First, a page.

Preoperative Wilms tumor rupture: a retrospective study of 57 patients.

Research paper by Hervé J HJ Brisse, Gudrun G Schleiermacher, Sabine S Sarnacki, Sylvie S Helfre, Pascale P Philippe-Chomette, Liliane L Boccon-Gibod, Michel M Peuchmaur, Véronique V Mosseri, Yves Y Aigrain, Sylvia S Neuenschwander

Indexed on: 07 May '08Published on: 07 May '08Published in: Cancer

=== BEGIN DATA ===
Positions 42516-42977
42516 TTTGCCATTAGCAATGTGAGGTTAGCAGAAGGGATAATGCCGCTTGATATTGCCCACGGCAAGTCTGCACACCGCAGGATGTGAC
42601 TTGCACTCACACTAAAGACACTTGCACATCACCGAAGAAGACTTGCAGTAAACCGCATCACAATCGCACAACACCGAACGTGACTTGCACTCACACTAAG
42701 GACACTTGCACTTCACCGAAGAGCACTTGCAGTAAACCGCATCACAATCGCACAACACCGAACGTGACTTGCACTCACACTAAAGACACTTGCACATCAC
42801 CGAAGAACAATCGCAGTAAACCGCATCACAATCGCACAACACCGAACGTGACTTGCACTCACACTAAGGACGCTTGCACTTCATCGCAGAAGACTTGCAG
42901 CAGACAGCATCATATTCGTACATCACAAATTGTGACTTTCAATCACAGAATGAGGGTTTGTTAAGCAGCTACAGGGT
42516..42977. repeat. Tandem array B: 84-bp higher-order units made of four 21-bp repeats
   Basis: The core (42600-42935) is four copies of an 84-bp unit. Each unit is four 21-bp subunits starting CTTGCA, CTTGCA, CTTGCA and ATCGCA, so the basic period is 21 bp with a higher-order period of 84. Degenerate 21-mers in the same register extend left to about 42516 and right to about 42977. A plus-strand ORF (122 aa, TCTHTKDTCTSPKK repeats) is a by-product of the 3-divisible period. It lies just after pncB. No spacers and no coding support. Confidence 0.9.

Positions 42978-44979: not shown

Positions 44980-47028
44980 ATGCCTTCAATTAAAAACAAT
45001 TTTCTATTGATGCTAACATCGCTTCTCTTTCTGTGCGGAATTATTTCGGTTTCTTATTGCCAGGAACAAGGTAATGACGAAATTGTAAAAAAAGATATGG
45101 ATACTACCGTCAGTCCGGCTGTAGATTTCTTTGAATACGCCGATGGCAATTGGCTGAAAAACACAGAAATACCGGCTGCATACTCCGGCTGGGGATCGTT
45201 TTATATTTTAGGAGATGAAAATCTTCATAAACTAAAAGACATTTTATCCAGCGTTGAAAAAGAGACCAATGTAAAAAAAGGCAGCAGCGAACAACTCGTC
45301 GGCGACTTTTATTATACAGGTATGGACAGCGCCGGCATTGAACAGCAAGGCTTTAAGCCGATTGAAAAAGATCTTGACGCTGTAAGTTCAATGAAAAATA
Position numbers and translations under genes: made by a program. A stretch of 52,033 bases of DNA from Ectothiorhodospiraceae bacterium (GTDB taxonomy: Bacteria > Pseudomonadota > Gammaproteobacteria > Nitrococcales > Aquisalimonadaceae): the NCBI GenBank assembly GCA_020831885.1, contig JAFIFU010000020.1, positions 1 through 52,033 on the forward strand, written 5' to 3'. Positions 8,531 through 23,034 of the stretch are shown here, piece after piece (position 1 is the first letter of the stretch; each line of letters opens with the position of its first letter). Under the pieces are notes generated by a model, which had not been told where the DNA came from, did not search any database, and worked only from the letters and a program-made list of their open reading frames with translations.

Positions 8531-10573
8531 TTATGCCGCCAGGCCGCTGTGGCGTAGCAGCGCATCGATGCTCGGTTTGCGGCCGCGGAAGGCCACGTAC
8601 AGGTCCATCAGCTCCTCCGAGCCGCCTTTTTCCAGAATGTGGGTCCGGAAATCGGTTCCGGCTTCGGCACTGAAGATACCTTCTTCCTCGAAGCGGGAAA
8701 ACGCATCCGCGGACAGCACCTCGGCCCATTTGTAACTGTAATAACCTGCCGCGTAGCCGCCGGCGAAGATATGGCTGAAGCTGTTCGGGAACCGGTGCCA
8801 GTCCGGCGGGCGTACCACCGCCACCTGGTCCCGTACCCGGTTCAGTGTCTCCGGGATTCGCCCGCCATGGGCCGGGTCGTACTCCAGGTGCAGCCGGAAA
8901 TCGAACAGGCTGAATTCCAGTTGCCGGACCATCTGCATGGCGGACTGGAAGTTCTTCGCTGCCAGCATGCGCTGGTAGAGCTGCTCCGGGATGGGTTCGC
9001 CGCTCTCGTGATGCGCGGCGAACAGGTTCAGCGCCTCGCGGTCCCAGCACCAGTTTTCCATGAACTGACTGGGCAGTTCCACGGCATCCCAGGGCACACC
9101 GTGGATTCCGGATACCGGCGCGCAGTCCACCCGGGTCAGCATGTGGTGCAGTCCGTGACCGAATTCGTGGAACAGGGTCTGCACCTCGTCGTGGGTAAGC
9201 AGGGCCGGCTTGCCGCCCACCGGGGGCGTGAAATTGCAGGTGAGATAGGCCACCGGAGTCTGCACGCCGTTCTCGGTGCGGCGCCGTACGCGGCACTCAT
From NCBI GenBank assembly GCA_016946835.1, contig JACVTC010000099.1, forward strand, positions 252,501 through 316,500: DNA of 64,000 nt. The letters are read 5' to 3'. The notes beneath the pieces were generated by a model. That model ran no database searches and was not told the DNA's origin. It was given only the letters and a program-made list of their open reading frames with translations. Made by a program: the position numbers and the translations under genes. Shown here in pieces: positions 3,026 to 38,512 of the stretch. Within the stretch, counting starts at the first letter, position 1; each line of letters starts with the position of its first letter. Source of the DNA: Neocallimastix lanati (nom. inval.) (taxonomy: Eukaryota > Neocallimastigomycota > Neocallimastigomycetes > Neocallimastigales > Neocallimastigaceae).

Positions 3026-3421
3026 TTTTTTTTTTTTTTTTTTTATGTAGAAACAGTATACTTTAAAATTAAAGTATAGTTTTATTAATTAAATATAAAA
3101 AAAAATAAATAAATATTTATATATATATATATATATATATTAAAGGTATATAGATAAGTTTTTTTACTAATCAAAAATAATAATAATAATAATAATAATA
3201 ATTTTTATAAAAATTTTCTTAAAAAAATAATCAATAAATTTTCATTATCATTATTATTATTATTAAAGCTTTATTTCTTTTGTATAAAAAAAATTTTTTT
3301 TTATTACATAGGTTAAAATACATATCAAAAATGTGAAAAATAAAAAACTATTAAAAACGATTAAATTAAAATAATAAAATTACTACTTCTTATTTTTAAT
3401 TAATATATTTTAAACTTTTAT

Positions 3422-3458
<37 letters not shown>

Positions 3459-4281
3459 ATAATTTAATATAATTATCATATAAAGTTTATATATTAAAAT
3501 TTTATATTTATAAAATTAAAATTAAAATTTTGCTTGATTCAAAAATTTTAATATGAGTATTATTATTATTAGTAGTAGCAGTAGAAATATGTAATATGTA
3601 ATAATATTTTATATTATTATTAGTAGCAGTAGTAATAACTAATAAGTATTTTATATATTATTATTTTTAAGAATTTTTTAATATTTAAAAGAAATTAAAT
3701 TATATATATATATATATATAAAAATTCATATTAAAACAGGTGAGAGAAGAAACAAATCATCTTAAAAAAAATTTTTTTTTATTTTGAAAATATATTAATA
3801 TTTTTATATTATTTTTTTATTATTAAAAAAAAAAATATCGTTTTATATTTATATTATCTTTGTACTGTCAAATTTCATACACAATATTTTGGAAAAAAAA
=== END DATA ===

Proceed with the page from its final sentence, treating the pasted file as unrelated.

According to current International Society of Pediatric Oncology (SIOP) Wilms recommendations, all preoperative tumor ruptures should be classified as stage IIIc. However, to the authors' knowledge, the definition and diagnostic criteria of preoperative rupture have not been defined clearly.The authors performed a retrospective analysis of 57 children with clinical and/or radiologic (computed tomography [CT]) signs of preoperative tumor rupture of a series of 250 patients enrolled in Wilms SIOP protocols at their institution.Clinical and radiologic signs of preoperative rupture were observed in 39 patients and 55 patients, respectively. The site of rupture on imaging was retroperitoneal only in 48 patients and both retroperitoneal and intraperitoneal in 7 patients. Surgery was performed after chemotherapy in 55 of 57 patients. Peritoneal disease recurrence occurred in 3 of 57 patients, including 2 patients with stage III tumors who had initial intraperitoneal rupture and 1 patient with a stage I tumor. Among the 48 patients who had radiologic signs of retroperitoneal-only rupture, the final pathologic stage was stage III in 22 patients, stage II in 9 patients, and stage I in 17 patients, and no abdominal disease recurrence was observed, although only 23 of 48 patients received flank radiotherapy. The 5-year local control rate was significantly higher in patients who had retroperitoneal-only rupture compared with patients who had intraperitoneal rupture (100% vs 83.3%; standard error, +/-15.2%; P = .0015).The use of CT scans significantly increased the number of patients who could be classified with "tumor rupture." Intraperitoneal rupture was diagnosed accurately with CT and was associated with a significant risk of peritoneal disease recurrence. In contrast, patients who have radiologic signs of localized retroperitoneal-only rupture at diagnosis most likely should not be upstaged, and their treatment may be determined according to pathologic stage only.